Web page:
Unlike the Tenn-Tom and Tombigbee locks, where tows are limited to what will fit in the chamber, here on the Tennessee, tows are twice that large. The lock fits nine barges, three across and three long. The tows are 15 barges -- three across and five long, plus the towboat. So they "cut" the tow in the lock; the towboat pushes the first nine barges into the chamber, then cuts them loose and backs out with the remaining six barges past the gates. Deckhands remain on the now powerless barges.

Anchored at Joe Wheeler lock. You can see the first nine barges of a tow, with the miter gates closed behind them.

The nine-barge lashup is then locked through, and is pulled out of the chamber with a hawser and a small winch located atop the lock wall. Forward way is arrested by deckhands taking wraps on the bollards with hawsers; they then pull the lashup as close to the wall as they can and tie it off. Brute strength is a job qualification for riverboat deckhands. We got to watch this whole process from our anchored spot, including the deckhands ascending the five-story spiral staircase to re-board the towboat before it, too, was locked down.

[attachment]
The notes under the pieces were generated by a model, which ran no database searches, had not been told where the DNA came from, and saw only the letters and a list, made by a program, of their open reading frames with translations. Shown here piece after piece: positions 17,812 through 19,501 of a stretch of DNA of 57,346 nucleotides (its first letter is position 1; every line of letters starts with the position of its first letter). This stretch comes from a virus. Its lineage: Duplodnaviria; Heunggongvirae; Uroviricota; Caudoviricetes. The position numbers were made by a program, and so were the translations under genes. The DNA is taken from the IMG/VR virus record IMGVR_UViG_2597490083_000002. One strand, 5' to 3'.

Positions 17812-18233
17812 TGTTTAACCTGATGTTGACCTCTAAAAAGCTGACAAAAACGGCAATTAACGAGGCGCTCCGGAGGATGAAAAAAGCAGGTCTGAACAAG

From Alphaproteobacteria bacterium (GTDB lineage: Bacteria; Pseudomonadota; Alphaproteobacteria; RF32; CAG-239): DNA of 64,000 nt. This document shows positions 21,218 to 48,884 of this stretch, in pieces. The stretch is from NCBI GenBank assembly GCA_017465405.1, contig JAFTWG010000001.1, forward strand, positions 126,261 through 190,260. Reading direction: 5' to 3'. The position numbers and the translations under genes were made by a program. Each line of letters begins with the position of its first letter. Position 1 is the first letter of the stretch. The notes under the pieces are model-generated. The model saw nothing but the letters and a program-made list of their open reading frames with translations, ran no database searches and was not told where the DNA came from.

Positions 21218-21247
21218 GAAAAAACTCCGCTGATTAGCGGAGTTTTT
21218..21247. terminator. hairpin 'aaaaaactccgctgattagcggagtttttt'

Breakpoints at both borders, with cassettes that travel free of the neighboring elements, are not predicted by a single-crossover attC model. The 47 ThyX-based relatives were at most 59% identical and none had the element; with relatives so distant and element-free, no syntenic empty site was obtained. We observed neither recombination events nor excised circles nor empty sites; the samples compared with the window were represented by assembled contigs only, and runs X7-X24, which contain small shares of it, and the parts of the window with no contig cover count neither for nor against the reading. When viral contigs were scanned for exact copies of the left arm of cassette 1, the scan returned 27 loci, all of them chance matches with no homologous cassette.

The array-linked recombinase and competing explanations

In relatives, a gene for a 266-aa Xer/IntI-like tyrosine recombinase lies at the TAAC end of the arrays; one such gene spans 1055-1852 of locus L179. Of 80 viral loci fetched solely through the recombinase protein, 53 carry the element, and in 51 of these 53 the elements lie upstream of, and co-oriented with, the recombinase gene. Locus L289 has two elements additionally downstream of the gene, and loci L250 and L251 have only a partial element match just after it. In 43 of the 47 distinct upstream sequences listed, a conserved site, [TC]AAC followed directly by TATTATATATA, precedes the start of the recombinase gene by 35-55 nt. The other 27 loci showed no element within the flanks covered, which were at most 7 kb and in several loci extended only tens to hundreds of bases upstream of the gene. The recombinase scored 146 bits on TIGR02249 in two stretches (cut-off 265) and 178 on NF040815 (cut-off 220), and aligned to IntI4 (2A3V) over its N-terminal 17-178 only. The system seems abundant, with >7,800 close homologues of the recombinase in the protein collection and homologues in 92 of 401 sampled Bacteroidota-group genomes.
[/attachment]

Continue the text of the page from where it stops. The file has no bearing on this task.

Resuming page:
Once the whole tow is again on the same level, the rear six barges are pushed gently forward to meet up with the front nine, and the deckhands again make them fast. Only then can the entire tow move forward out of the lock. The entire process took an hour and a half or so. We weighed anchor as the tow began moving forward, to get into position to enter the lock and/or to clear out of the tow's way if need be. Premature, as the whole tow promptly got stuck, pinned against the lock wall and the shore by the wind.

Towboat and last six barges are emerging from the chamber and making up to the front nine.

Several minutes and large volumes of smoke later he was under way again, overcoming adversity with sheer horsepower. He called us on the radio to apologize and we joked briefly about whether we could have pulled him off the wall, but really it was very entertaining and informative to watch the whole process from start to finish. My hat is off to the towboat pilots; the geometry of maneuvering such a long, heavy lashup with just a couple of propellers in the very back is mind-boggling, and gives me perspective on how relatively easy it is to maneuver Vector.

By the time we cleared out of Wheeler Lock, a full two hours after arriving, we were pretty much done for the day, and the anchorage at the park was close at hand. As a bonus we were able to get the park's WiFi signal. On our way back downriver we may stop here again; Friday is prime rib night at the lodge.

Leaving Wheeler Lock and Dam astern.

We are now under way in Wheeler Lake, just passing the Brown's Ferry nuclear plant, and should be arriving at our marina in Deactur before 2pm. We're very early, considering our flights are next Wednesday, but the freight company is scheduled to deliver our new mini-split air conditioner tomorrow morning, and I'd like to be there to receive it. This will also give me a few days to wrap up the coolant pump project, change the generator oil, and maybe start on the air conditioner installation before we have to leave for California.